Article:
|Publication number||US4664889 A|
|Application number||US 06/796,353|
|Publication date||May 12, 1987|
|Filing date||Nov 8, 1985|
|Priority date||Nov 9, 1984|
|Publication number||06796353, 796353, US 4664889 A, US 4664889A, US-A-4664889, US4664889 A, US4664889A|
|Inventors||Wiecher D. E. Steenge, Ringnerus P. van der Werf, Jan Haringa|
|Original Assignee||Shell Oil Company|
|Export Citation||BiBTeX, EndNote, RefMan|
|Patent Citations (9), Referenced by (20), Classifications (12), Legal Events (4)|
|External Links: USPTO, USPTO Assignment, Espacenet|
The invention relates to a method for separating hydrocarboon products from catalyst particles in a fluidized catalytic cracking process.
In a fluidized catalytic cracking process a mixture of catalyst particles and a feedstock of hydrocarbon products, such as heavy distillates, is passed through a reactor riser at a temperature in the range of from 500° C. to 600° C. and at a pressure of in the range of from 0.25 MPa to 0.35 MPa. In the reactor riser, part of the feedstock is cracked so as to produce valuable hydrocarbon products of lower molecular weight in the boiling range of gasoline and middle distillate. In addition thereto, the cracking yields hydrocarbon containing by-products in the form of a coke deposit on the catalyst particles and hydrocarbon products which are gaseous at normal pressure and temperature, such as methane. Substantially all hydrocarbon products will be in a vaporized form, and part of the hydrocarbons will be adsorbed by catalyst particles.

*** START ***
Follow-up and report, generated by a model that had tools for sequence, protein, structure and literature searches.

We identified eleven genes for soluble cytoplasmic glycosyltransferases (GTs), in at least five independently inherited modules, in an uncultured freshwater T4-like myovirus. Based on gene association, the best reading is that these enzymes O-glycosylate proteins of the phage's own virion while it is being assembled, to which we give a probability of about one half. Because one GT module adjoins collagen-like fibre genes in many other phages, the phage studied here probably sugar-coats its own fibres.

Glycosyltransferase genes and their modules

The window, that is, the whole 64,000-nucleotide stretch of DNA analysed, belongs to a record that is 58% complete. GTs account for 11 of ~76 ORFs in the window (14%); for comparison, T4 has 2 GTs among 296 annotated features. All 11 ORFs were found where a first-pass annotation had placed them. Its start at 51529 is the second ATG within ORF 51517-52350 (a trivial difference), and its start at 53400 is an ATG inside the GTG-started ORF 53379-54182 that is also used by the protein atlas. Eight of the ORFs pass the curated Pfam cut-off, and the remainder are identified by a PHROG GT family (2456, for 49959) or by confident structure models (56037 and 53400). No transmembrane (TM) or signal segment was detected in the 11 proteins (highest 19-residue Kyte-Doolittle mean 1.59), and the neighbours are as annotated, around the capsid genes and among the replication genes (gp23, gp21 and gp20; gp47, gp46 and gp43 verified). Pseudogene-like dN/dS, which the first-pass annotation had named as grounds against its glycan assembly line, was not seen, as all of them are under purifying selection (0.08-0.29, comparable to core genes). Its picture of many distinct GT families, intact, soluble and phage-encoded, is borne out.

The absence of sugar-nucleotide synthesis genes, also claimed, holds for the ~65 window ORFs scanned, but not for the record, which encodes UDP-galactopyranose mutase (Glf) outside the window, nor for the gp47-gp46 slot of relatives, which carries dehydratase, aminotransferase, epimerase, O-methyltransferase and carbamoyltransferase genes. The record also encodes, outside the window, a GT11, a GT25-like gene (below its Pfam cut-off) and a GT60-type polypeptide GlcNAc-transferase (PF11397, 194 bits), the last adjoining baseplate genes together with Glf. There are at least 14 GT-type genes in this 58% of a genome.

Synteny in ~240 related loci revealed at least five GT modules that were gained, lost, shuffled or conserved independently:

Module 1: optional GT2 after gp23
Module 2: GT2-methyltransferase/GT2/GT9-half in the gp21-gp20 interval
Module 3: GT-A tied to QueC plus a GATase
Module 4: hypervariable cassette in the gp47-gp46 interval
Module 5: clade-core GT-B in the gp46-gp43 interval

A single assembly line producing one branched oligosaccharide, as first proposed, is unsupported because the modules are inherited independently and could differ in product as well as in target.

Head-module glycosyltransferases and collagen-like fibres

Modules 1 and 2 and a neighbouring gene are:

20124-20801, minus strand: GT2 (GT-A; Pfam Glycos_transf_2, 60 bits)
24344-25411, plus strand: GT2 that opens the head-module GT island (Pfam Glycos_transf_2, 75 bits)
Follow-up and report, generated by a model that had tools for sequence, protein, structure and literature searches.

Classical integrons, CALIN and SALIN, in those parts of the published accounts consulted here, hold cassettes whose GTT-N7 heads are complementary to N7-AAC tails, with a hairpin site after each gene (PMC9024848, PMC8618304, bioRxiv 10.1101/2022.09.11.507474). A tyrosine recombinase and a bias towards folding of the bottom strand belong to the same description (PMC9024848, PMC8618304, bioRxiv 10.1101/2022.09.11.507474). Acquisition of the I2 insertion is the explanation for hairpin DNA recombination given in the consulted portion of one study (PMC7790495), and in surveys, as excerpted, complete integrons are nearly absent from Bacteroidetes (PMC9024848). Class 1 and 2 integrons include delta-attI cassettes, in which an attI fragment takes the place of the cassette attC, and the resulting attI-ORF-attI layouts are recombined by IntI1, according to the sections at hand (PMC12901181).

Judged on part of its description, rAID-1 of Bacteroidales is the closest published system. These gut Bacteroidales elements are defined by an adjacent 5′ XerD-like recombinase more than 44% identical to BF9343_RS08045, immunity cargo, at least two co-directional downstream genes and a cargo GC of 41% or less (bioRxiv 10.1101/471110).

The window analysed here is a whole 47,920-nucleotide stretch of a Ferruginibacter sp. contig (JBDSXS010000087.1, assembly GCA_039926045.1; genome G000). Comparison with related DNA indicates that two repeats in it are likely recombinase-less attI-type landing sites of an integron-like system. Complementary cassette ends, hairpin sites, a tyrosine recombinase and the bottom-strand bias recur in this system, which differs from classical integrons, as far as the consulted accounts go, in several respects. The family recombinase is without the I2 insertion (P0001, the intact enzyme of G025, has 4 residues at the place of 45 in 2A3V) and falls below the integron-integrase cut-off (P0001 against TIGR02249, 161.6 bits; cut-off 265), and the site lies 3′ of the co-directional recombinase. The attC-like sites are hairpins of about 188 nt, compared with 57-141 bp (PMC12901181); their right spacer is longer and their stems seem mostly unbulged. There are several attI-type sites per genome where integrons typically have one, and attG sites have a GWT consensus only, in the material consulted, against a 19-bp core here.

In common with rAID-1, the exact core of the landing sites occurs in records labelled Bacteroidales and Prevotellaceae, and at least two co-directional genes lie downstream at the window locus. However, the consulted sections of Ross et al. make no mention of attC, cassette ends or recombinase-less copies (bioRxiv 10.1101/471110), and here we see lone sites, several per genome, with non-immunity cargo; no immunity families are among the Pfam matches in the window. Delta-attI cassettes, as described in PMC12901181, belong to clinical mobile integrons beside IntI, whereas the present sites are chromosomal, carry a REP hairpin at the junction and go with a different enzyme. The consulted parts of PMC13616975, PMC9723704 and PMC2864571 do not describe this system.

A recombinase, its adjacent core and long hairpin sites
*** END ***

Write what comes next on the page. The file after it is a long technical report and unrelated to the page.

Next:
The mixture of hydrocarbon products and catalyst particles is removed from the reactor riser and introduced into a cyclone separator in such a manner that a vortex is formed causing a first separation between the catalyst particles and the hydrocarbon products, which hydrocarbon products are allowed to leave the cyclone separator through an outlet for gases.
In order to desorb part of the adsorbed hydrocarbon products, primary steam is introduced into the cyclone separator, and the desorbed hydrocarbon products and the steam are allowed to leave the cyclone separator through the outlet for gases.
For further stripping the catalyst particles are allowed to drop into a vessel wherein secondary steam is introduced so as to produce a fluidized bed of catalyst particles. Under influence of the gravity, the catalyst particles are allowed to drop through the bed into the outlet of the vessel.